I don't have a convenient test environment to try it...In Windows 2008 and above, there is an option in the DHCP scope to set up the DHCP server to automatically update the authoritative DNS servers with the host (A) and PTR) records of the DHCP clients.We have a network with a segment for client machines that uses a couple of Windows 2008 R2 servers for DNS and DHCP (all AD-integrated).Clients are mostly Windows 7 machines with a few XP and Vista.The way we solve this is by manually deleting the offending records and issue "ipconfig /registerdns" on the client.
This could easily be overkill, but since the above answers didn't cover things from a group policy angle here goes. sends option 81 and its fully qualified domain name to the DHCP server and requests the DHCP server to register a pointer resource record (PTR RR) on its behalf.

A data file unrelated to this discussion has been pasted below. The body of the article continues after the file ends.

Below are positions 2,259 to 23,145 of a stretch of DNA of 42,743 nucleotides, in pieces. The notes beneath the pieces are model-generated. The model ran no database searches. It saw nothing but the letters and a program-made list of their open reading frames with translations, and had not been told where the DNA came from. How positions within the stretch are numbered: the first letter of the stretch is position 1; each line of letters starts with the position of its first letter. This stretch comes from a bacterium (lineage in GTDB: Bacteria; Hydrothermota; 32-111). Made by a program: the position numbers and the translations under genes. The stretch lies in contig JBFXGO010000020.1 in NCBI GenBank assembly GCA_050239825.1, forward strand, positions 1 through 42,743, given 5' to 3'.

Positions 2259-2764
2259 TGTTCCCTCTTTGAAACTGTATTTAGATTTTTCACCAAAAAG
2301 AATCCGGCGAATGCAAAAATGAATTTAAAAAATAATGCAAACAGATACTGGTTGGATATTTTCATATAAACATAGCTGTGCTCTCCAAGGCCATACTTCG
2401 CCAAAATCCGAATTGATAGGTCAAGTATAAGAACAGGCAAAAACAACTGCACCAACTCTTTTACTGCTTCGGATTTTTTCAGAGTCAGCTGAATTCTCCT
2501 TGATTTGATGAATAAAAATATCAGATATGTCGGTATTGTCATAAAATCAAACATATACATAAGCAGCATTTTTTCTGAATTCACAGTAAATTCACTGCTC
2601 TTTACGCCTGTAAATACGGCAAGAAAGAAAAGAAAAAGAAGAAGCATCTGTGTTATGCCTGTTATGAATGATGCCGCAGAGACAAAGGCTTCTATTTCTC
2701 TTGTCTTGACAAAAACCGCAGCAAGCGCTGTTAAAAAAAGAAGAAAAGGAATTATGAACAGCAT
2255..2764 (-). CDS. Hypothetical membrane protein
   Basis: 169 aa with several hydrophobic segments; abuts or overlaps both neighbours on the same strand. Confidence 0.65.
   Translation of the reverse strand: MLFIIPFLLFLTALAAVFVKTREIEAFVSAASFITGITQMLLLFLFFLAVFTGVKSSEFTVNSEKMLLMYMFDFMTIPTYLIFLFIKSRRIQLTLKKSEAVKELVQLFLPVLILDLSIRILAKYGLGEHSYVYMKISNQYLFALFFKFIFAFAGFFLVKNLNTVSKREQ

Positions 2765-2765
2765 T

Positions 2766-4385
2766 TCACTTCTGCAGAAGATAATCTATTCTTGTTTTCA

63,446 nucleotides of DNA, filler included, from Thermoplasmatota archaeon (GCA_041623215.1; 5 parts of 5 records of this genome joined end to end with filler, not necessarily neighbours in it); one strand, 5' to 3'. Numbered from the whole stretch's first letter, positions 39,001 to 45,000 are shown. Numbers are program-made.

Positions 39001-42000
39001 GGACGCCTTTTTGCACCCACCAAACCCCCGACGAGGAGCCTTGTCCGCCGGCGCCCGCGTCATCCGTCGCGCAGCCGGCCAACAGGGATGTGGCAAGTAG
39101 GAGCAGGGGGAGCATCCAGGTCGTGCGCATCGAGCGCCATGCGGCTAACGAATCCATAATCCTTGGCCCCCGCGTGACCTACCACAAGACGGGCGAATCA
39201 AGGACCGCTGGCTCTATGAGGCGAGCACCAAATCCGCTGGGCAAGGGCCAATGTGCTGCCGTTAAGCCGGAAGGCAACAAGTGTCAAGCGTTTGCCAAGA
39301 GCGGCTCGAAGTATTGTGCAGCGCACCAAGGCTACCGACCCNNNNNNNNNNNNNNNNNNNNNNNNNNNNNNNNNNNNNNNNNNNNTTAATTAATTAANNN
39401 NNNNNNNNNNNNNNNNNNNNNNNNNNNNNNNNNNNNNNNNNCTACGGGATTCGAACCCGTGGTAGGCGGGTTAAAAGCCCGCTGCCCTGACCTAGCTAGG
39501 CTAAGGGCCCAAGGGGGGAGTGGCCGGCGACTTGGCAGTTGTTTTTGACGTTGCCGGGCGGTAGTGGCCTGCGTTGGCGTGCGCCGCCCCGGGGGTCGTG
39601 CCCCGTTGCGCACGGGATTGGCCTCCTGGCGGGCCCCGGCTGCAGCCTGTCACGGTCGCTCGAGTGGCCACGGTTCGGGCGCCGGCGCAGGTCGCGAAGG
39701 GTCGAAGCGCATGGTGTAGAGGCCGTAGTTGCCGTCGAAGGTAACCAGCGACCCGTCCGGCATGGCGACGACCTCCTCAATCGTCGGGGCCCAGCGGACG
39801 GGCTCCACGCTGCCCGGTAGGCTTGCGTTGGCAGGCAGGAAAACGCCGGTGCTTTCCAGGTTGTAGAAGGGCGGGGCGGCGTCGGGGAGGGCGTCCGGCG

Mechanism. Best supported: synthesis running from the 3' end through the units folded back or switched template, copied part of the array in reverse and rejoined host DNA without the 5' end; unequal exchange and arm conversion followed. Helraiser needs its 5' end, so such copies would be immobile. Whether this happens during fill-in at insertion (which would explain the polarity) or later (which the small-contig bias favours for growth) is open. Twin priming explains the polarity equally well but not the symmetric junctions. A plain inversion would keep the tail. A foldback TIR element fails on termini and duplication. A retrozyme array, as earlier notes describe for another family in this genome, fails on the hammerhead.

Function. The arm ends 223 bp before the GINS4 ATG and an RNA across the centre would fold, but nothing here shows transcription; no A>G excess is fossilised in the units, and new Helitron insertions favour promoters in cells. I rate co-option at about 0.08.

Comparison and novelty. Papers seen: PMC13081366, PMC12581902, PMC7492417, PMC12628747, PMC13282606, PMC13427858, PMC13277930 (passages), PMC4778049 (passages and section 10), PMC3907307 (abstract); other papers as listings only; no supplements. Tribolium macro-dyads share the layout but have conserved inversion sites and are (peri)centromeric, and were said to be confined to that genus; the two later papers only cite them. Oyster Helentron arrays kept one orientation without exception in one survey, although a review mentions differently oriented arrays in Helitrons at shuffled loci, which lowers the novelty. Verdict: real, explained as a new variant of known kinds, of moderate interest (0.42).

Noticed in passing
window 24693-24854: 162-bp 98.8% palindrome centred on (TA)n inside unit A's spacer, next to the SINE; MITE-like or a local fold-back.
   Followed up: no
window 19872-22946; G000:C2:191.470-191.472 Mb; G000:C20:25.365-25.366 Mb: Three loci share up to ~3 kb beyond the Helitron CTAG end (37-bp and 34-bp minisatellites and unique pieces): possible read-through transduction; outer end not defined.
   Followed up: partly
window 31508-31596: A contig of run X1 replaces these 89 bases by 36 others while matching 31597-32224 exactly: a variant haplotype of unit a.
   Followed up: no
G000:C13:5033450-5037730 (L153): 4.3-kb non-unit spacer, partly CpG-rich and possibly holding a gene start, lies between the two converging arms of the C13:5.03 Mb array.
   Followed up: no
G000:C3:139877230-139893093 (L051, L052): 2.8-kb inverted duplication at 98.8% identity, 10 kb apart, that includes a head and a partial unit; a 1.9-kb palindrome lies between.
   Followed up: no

Issuing the ipconfig /registerdns also appears to correct the symptoms in our case as well. If so, please share No, we never figured out the issue.
It got better when we switched our DCs to 2012 server but didn't go away.
Since we're a small network, we've decided to live with the issue rather than invest a lot of time to investigate.
Running DNS on two 2008 R2 Servers setup as AD integrated for both Forward and all Reverse zones. In DNS the following was set: -Type AD Integrated -Replication All domain controllers in this domain -Dynamic Updates None (why that was like that who knows) -Scavenging is not in use yet I changed Dynamic updating to Secure and Non Secure since I was not sure how it would affect all the non windows servers currently in there.
The DHCP server likely won't have permissions unless you've manually set that up in your environment, and no other client will ever be able to register that address until it's manually deleted at some point.